Pulmonary edema or congestion happens when the left ventricle of the heart fails. This is simply because the inefficiency of its ventricle to pump effectively causes the blood to back up to the pulmonary capillaries as the pulmonary venous blood rises its pressure into the tissues and alveoli impairing the gas exchange. Pulmonary congestion will be manifested in crackles, difficulty of breathing, frothy pink-tinged sputum and shortness of breath. In addition, the decreased amount of blood ejected from the left side causes ineffective tissue perfusion. This is detrimental to other vital organs such as the kidneys.
The pleural space begins to fill causing the-the mediastinum to maneuver around, which can lead to disruption of the airflow and pulmonary circulation. Once the air circulation is disrupted the patient begins to compensate. Tension pneumothorax can be misleading if not realizing to symptoms. A patient with tension pneumothorax is going to have chest pain caused by the lung collapsing. The patient will experience respiratory distress causing the patient to breath faster because they are not getting the proper amount of oxygen, respiratory distress can lead to altered mental status and diminished breath
The disease is characterized by weakening of the ventricular myocardial muscle, resulting from elongation of myocytes accompanied by a vacuolar sarcoplasm and reduced myofibril density.  Weakening of the heart muscle results in a decreased stroke volume, leading to compensatory changes by a process called remodeling. The remodeling is characterized by elongation of myocytes by addition of sarcomeres, resulting in dilation -enlargement - of the heart while the wall thickness does not increase proportionally. This process of remodeling can spread to the other ventricle and to the atria.  The long-term effects of the remodeling are a further weakening of the heart muscle and it can eventually lead to heart failure.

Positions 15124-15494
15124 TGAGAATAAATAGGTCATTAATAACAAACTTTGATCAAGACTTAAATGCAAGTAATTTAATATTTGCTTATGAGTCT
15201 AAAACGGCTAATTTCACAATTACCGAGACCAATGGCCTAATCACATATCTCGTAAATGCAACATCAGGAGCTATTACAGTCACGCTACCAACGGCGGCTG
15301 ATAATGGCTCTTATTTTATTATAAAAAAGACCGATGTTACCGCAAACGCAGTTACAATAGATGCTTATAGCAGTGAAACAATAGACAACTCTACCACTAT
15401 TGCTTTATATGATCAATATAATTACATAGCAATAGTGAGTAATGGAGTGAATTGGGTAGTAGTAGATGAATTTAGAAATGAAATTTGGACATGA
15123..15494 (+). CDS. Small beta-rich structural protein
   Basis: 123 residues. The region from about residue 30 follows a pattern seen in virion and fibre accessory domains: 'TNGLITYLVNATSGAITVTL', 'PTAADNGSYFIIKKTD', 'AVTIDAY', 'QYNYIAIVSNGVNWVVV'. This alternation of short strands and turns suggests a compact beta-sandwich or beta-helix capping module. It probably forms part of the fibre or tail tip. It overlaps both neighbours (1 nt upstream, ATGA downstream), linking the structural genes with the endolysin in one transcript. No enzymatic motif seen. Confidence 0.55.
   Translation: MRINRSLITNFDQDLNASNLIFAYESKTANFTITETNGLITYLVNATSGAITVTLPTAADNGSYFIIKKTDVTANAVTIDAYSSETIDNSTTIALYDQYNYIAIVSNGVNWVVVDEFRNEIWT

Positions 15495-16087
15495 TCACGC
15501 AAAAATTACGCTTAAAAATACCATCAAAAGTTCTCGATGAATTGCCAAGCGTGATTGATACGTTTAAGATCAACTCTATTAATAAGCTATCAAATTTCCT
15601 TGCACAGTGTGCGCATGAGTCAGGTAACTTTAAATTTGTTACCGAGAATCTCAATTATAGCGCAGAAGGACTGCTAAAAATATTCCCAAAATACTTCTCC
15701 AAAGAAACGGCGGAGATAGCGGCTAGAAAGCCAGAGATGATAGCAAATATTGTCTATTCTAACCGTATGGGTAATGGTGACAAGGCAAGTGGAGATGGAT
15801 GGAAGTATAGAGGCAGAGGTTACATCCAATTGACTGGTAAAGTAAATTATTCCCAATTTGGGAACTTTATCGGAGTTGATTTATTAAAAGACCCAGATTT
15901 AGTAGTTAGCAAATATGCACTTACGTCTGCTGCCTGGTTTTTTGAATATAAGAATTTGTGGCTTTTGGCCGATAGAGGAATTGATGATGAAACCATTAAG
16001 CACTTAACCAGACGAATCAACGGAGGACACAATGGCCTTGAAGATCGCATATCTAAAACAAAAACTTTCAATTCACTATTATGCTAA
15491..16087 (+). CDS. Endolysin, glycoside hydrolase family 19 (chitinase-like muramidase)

Right Coronary Artery. When these arteries are narrowed, the blood flow and oxygen circulation is forced to stop causing your body to have less movement. This is a very dangerous disease due to the fact that when the blood clot occurs in the body, your heart may stop pumping blood and inhaling/exhaling oxygen which leads to certain heart attacks and/or death.
Heart failure is when the heart is not functioning properly and becomes unable to supply the body properly with oxygen. Congestive heart failure is when this lack of function begins affecting the lungs ability to function normally by filling the alveoli with fluid. During normal functioning of the cardiovascular system, blood arrives at the right atrium of the heart via the vena cava. The right atrium empties blood into the right ventricle, which pumps it’s contents into the arterioles surrounding the alveoli of the lungs. From the lungs, the blood voyages to the left atrium of the heart.
This type of chest pain occurs when one or more of the coronary arteries are either blocked or narrowed. This can cause an uncomfortable pressure, fullness, and a squeezing sensation in the center of the chest. Known triggers are exertion and emotional stress. Stable angina is usually relieved with rest and medication such as nitroglycerin.